We don’t know whether Trump will invoke restrictions. But even if he does, grassroots initiatives have already archived all of his tweets.
For example, the Trump Twitter Archive is a free, public resource that lets users search and filter through more than 56,000 tweets by Trump since 2009, including deleted tweets since 2016.
A matter of public record
In 2017, Trump told Fox News he believed he may have never been elected without Twitter — and that he viewed it as an effective means for pushing his message.
Twitter also benefited from this relationship. Trump’s 88 million followers (as of when his account was suspended) generated endless streams of user engagement for the social media giant.
Trump’s approach to using Twitter was unprecedented. He bypassed traditional media channels, instead tweeting for political and diplomatic purposes — including to make important policy announcements.
His tweets set the agenda for US politics during his presidency. For example, they influenced foreign relations between the US and Mexico, North Korea, China and Iran. They were also used to endorse allies and attack rivals.
For all the reasons listed above, the value of Trump’s Twitter record extends beyond historical research. It’s a way to hold him accountable for what he has said and done.
And this will soon be on display as the US Democratic Party looks to impeach him for the second time for “inciting insurrection”.
Trump’s administration of “alternative facts” has continuously stonewalled a number of enquiries — going as far as refusing to testify before Congress on certain matters.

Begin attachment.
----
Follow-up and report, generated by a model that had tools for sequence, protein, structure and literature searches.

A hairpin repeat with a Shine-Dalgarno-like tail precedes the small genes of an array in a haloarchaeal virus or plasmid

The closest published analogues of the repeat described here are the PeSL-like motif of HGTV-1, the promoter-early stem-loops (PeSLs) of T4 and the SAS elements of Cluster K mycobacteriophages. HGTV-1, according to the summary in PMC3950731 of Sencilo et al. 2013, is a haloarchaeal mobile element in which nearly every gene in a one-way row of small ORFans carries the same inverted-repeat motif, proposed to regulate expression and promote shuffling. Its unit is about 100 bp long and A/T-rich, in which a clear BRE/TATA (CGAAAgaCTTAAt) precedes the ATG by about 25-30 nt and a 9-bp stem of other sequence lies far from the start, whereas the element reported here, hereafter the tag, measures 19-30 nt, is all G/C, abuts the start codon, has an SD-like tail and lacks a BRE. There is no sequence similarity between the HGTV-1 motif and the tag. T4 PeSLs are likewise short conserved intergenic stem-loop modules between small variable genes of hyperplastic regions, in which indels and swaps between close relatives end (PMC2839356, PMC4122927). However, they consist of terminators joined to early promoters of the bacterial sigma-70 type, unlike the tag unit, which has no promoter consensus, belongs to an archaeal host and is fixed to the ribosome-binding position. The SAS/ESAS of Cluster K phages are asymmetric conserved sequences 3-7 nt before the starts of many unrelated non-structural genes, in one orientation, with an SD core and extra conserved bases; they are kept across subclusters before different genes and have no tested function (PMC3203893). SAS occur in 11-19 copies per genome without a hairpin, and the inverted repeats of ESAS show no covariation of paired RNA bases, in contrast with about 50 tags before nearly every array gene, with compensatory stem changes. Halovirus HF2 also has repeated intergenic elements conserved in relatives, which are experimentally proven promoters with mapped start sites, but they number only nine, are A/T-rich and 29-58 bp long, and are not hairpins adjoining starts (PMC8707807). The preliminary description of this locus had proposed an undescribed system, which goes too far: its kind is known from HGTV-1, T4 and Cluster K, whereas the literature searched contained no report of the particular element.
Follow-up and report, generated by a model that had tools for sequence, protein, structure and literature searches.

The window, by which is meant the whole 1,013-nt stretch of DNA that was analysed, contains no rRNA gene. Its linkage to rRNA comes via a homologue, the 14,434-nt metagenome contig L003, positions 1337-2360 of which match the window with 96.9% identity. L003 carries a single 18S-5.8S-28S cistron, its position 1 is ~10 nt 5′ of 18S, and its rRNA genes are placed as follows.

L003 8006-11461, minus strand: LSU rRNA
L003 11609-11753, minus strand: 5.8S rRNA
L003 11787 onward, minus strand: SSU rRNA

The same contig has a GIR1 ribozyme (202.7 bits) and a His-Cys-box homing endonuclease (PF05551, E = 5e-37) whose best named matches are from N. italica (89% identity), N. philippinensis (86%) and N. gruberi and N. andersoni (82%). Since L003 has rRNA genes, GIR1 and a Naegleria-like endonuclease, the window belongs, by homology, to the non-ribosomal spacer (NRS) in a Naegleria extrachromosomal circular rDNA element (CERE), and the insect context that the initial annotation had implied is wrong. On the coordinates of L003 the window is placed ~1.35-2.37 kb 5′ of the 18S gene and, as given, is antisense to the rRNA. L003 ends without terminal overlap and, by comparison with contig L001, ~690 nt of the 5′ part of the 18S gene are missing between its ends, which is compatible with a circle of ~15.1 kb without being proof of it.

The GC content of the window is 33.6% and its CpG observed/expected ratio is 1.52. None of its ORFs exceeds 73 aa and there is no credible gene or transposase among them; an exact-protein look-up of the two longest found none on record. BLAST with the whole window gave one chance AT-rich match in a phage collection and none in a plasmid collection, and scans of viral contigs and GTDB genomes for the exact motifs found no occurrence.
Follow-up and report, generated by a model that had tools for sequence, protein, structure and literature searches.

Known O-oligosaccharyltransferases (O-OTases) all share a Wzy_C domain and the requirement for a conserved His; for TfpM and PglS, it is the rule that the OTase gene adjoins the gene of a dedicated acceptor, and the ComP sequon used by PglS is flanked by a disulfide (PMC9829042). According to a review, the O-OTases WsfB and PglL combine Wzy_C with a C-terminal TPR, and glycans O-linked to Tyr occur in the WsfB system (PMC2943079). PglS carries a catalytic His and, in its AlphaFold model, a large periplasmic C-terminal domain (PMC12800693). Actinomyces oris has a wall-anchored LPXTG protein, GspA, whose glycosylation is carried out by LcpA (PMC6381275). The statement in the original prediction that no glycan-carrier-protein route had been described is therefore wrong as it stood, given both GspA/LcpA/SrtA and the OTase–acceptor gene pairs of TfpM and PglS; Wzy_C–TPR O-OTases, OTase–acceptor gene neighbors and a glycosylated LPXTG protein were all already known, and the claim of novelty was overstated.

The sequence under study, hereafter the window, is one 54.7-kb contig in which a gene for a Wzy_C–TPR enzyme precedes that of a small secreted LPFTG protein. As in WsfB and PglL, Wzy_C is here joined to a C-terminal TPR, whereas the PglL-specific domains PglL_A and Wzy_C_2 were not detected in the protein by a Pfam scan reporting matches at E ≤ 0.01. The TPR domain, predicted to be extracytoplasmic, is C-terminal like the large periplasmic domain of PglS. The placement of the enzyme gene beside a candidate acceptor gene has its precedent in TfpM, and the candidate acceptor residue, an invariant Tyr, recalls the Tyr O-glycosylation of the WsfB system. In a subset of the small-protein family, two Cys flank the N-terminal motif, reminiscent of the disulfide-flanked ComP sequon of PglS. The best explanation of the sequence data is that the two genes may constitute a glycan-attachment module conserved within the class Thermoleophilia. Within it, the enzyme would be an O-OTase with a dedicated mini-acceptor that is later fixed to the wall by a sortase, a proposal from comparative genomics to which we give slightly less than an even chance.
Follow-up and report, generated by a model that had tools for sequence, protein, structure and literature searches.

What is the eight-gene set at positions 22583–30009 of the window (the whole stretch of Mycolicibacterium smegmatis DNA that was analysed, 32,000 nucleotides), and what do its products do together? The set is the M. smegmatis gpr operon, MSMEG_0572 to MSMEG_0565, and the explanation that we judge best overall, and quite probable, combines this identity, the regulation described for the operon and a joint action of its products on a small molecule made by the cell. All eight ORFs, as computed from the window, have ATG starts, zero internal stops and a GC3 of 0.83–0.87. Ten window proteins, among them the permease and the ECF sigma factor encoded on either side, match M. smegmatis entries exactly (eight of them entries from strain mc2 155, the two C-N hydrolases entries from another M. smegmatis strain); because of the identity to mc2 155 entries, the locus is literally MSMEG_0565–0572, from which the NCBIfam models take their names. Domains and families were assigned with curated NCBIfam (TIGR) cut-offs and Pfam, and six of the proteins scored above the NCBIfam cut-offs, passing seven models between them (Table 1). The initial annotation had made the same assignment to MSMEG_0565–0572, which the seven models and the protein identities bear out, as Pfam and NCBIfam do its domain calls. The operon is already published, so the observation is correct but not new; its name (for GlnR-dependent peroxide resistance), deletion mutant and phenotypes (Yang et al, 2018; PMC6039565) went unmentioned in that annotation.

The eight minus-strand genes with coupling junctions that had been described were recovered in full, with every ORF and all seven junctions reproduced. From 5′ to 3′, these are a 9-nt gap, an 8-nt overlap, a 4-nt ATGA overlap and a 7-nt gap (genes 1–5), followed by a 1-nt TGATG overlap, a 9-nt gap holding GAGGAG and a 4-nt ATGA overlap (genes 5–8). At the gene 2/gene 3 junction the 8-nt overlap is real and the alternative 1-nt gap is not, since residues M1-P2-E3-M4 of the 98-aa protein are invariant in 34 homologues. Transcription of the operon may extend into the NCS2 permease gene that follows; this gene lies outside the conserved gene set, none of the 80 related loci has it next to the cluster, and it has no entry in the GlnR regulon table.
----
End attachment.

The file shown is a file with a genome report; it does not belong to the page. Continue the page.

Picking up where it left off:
From this frame of view, Trump’s Twitter feed was arguably one of few places where his claims and decisions could really be scrutinised. And indeed, news coverage of the president often relied heavily on this.
The amplification effect
The media’s reliance on president Trump’s tweets ultimately highlights a key aspect that governs today’s hybrid media system. That is, it’s highly responsive to a populist communication style.
Trump’s use of Twitter indirectly contributed to his election success in 2016, by helping boost media coverage of his campaign. Researchers also observed him strategically increasing his Twitter activity in line with waning news interest.
Through a constant stream of provocative remarks, Trump exploited news values and continuously inserted himself into the news cycle. And for journalists under pressure to churn out content, his impassioned messages were the perfect sound bites.
Now, stripped of his favourite mouthpiece, it’s uncertain whether Trump will find another way to exert his influence. But one thing is for sure: his time on Twitter will go down in history.
For all the news of what is happening in Ghana with the Grace Baptist Mission under the ministry of Pastor Noah Quarshie visit the web site (the URL is given at the end of the post).
All of the newsletters can be found on the web site with an archive going back to 2001. So for all the latest be sure to check out the newsletters.
The Grace Baptist Mission is keen for partnerships in the gospel to be forged, with assistance in various ways required for the furtherance of the gospel in Ghana. If you are able to assist by giving money for specific needs, the newsletters give updates on what the current needs are. There are also possible openings for actually going to Ghana and physically assisting in the ministry for a period of time.